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sealing a cabinet table saw?

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Forum topic by Belg1960 posted 06-17-2012 02:29 PM 2917 views 0 times favorited 8 replies Add to Favorites Watch
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Belg1960

848 posts in 1913 days


06-17-2012 02:29 PM

Topic tags/keywords: question

Good morning folks, got myself a used jet 1100 dust collection system to use with my tablesaw. Now for the issues I need to enclose the motor end on a right hand tilting table saw and could use some input and hints for what not to do and any links for how tos.

-- ***Pat*** Rookie woodworker looking for an education!!!


8 replies so far

View Bill White's profile

Bill White

3699 posts in 2808 days


#1 posted 06-17-2012 03:25 PM

Big mistake to seal the cabinet completly. You MUST have some air exchange for the dust collector to work.
What saw do you have? I get the feeling that it is a contractor saw.
I have a G0444Z right tilt. It has the 4” “shield” panel that fits in the bottom of the cabinet, and a removable panel that covers about 1/2 of the motor opening. Works pretty danged well. Still get some dust above the table, but it is a saw afterall.
Bill

-- bill@magraphics.us

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Belg1960

848 posts in 1913 days


#2 posted 06-19-2012 11:39 PM

I guess sealing was a poor choice of words. I need to close it up enough so the draw will be focused to the dust collector. It is a true cabinet saw and the end where the motor is, is wide open.

-- ***Pat*** Rookie woodworker looking for an education!!!

View cabmaker's profile

cabmaker

1323 posts in 1657 days


#3 posted 06-20-2012 01:17 AM

Pat, sounds like you may need a motor cover. What saw do you have ? As mentioned it shouldnt be neccesary to seal any thing else.

View Tenfingers58's profile

Tenfingers58

88 posts in 1526 days


#4 posted 06-20-2012 02:28 AM

Cover the hole with sheet magnet or a thin piece of wood with magnets. You can move it to tilt the blade. If the dust collector sucks it in, the cabinet dosen’t have enough make up air holes creating to much vacuume inside the cabinet.

Try to have air come into the cabinet, across the blade to blow the sawdust out of the gullets before it’s carried out of the cabinet and onto the sawtable.

Sealing up a tablesaw airtight is counterproductive. If no air can get into the cabinet, no air can be sucked out. It dosen’t matter how powerfull your dust collector is.

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CyberDyneSystems

122 posts in 1036 days


#5 posted 06-20-2012 04:46 PM

Usually in these cases the motor protrudes through the hole,. if not always, at least when it tilts.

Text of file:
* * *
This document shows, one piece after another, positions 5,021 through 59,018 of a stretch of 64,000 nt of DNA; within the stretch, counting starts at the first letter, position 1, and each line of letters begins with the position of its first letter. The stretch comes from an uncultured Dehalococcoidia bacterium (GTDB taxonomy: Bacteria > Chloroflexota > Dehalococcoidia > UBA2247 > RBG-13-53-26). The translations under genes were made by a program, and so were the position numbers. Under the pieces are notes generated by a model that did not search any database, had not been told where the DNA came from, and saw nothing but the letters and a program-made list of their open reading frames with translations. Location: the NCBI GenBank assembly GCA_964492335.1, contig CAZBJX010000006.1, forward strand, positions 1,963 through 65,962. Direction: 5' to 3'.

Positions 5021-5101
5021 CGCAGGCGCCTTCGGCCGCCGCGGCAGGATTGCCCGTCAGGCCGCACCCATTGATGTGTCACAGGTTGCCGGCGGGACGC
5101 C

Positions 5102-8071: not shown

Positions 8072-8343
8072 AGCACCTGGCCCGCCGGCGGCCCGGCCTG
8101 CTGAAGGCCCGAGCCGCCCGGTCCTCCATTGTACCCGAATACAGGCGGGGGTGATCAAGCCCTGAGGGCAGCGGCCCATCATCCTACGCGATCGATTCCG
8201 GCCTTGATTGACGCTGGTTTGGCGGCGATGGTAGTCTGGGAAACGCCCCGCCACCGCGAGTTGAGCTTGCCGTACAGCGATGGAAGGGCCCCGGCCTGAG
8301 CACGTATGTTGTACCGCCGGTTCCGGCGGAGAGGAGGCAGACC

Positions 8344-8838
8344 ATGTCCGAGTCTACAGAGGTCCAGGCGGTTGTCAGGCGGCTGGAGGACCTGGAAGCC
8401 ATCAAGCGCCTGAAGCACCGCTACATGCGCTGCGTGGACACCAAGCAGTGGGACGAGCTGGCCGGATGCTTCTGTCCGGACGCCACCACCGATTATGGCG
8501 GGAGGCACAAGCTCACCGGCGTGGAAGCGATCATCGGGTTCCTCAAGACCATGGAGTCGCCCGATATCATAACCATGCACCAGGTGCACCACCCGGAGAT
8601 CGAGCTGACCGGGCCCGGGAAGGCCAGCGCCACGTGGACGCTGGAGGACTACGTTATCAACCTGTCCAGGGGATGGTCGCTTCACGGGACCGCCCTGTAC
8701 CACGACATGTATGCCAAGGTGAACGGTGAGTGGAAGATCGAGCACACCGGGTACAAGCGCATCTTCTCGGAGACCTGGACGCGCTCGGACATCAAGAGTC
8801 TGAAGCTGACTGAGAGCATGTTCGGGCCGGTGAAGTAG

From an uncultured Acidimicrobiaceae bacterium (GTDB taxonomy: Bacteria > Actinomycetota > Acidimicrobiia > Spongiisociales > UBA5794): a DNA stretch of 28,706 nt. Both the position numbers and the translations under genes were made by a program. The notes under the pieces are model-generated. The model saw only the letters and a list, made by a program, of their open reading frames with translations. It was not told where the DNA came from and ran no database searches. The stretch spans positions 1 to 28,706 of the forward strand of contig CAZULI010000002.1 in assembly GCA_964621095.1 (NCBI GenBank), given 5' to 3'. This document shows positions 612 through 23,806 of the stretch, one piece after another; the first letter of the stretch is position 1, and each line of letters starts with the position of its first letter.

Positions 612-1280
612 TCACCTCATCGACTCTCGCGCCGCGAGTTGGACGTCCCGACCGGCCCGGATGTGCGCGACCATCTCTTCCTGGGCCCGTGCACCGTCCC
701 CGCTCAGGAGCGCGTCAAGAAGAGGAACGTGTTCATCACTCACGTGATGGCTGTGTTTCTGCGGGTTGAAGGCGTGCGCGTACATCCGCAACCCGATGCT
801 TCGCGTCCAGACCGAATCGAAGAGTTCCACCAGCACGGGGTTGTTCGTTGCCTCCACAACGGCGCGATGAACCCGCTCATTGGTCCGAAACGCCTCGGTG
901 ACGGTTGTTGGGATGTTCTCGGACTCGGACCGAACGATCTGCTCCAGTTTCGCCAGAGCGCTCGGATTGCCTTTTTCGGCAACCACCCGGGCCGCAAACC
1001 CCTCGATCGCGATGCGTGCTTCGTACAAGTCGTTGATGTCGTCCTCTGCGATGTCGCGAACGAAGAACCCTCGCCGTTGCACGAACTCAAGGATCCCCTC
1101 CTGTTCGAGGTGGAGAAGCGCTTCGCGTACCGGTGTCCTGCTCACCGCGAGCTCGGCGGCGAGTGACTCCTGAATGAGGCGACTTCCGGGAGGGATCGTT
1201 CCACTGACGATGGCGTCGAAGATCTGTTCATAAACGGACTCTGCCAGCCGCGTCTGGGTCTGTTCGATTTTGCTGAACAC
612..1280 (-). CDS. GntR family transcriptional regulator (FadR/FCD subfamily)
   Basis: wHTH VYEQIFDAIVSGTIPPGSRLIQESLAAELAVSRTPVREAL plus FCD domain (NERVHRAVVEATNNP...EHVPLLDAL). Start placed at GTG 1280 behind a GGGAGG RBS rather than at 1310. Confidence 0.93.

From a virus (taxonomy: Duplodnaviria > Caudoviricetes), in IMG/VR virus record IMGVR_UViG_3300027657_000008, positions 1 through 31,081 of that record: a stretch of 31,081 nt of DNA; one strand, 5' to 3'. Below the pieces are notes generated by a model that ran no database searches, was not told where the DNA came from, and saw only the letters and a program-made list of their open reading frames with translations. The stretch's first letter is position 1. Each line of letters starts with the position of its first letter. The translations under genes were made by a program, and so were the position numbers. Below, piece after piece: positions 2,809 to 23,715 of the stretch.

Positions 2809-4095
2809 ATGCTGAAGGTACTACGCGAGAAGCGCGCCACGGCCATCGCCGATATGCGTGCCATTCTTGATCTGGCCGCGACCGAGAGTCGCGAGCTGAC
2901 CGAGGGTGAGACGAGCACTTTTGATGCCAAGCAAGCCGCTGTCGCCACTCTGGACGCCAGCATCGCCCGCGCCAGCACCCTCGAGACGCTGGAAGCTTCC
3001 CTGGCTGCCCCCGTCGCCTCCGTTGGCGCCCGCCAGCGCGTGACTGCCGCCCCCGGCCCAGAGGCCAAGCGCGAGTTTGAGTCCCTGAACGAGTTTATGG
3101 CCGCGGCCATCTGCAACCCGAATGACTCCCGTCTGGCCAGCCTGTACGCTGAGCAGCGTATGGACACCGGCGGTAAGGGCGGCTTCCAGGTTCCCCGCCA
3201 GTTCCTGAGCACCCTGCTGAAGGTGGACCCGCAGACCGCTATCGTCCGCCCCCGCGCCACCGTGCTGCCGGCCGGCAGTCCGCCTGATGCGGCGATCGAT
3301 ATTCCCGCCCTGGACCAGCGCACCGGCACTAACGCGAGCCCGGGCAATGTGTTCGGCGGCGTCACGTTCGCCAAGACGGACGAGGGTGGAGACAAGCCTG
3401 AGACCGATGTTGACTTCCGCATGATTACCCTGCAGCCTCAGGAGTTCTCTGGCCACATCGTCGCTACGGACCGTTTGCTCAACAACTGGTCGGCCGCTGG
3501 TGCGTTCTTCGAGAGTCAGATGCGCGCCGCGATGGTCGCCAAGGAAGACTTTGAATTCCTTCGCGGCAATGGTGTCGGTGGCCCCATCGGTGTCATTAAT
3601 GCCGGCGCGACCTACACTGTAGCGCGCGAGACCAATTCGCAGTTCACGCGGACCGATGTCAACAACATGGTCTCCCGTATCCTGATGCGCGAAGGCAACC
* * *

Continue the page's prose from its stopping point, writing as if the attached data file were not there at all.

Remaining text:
We always built boxes out of 1/2 ply to cover these.

Also check out E-bay for Unisaw motor covers,. someones making plastic knock offs for the old egg style and the more modern roughly square style. See if it looks like one of these would cover the Jet.

http://www.ebay.com/itm/Unisaw-Rockwell-Table-Saw-Replacement-Square-Motor-Cover-Door-NEW-/320919295008?pt=LH_DefaultDomain_0&hash=item4ab847d420

http://www.ebay.com/itm/Rockwell-Delta-Unisaw-Table-Saw-Motor-Cover-Oval-NEW-Made-in-USA-/320922361428?pt=LH_DefaultDomain_0&hash=item4ab8769e54

Also, I feel some of the sentiment re sealing is being exaggerated. It’s nearly impossible, if at least improbable to actually get an air tight seal on a table saw, so it’s not a real danger.

A well sealed saw with a single point of air entry, ie: the blade slot, can be a good thing.
In any case, sealing an open side of a cabinet saw is actually required for good dust collection, and the very reason table saw manufacturers sell these options.

View MrRon's profile

MrRon

3161 posts in 2091 days


#6 posted 06-20-2012 05:14 PM

There are four areas where air can pass through the cabinet. They are: around the motor, around the tilt and elevation control shafts, the blade insert area and any gaps between the top and cabinet. The only area that should be sealed is around the motor. The remaining gaps are needed to allow for air flow to the DC. The airflow will carry dust to the DC. On my saw, dust falls straight down and accumulates at the front of the saw, as the outlet to the DC is at the rear. You could resolve this by adding a sheet metal ramp extending from the top-front down to the bottom-rear. Sawdust would then have a tendency to slide down the ramp toward the rear where the DC inlet is located. I haven’t done this yet, but I’m certain it would work well.

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Belg1960

848 posts in 1913 days


#7 posted 03-14-2014 11:45 AM

Guys, so sorry for not replying to these comments but I must not have been watching close enough. I did build a motor box out of 1/2 ply and got some magnetic sheet material which I used to seal the holes around the tilt shaft. This has been 75% efficient. I believe my biggest downfall is that I attached the 6” hose to the box I made instead of at the bottom of the chute. Like you Ron I think that if I made a pan to guide the sawdust in that direction it would work much better.

-- ***Pat*** Rookie woodworker looking for an education!!!

View Newbiewoodworker43's profile

Newbiewoodworker43

132 posts in 1290 days


#8 posted 03-14-2014 01:20 PM

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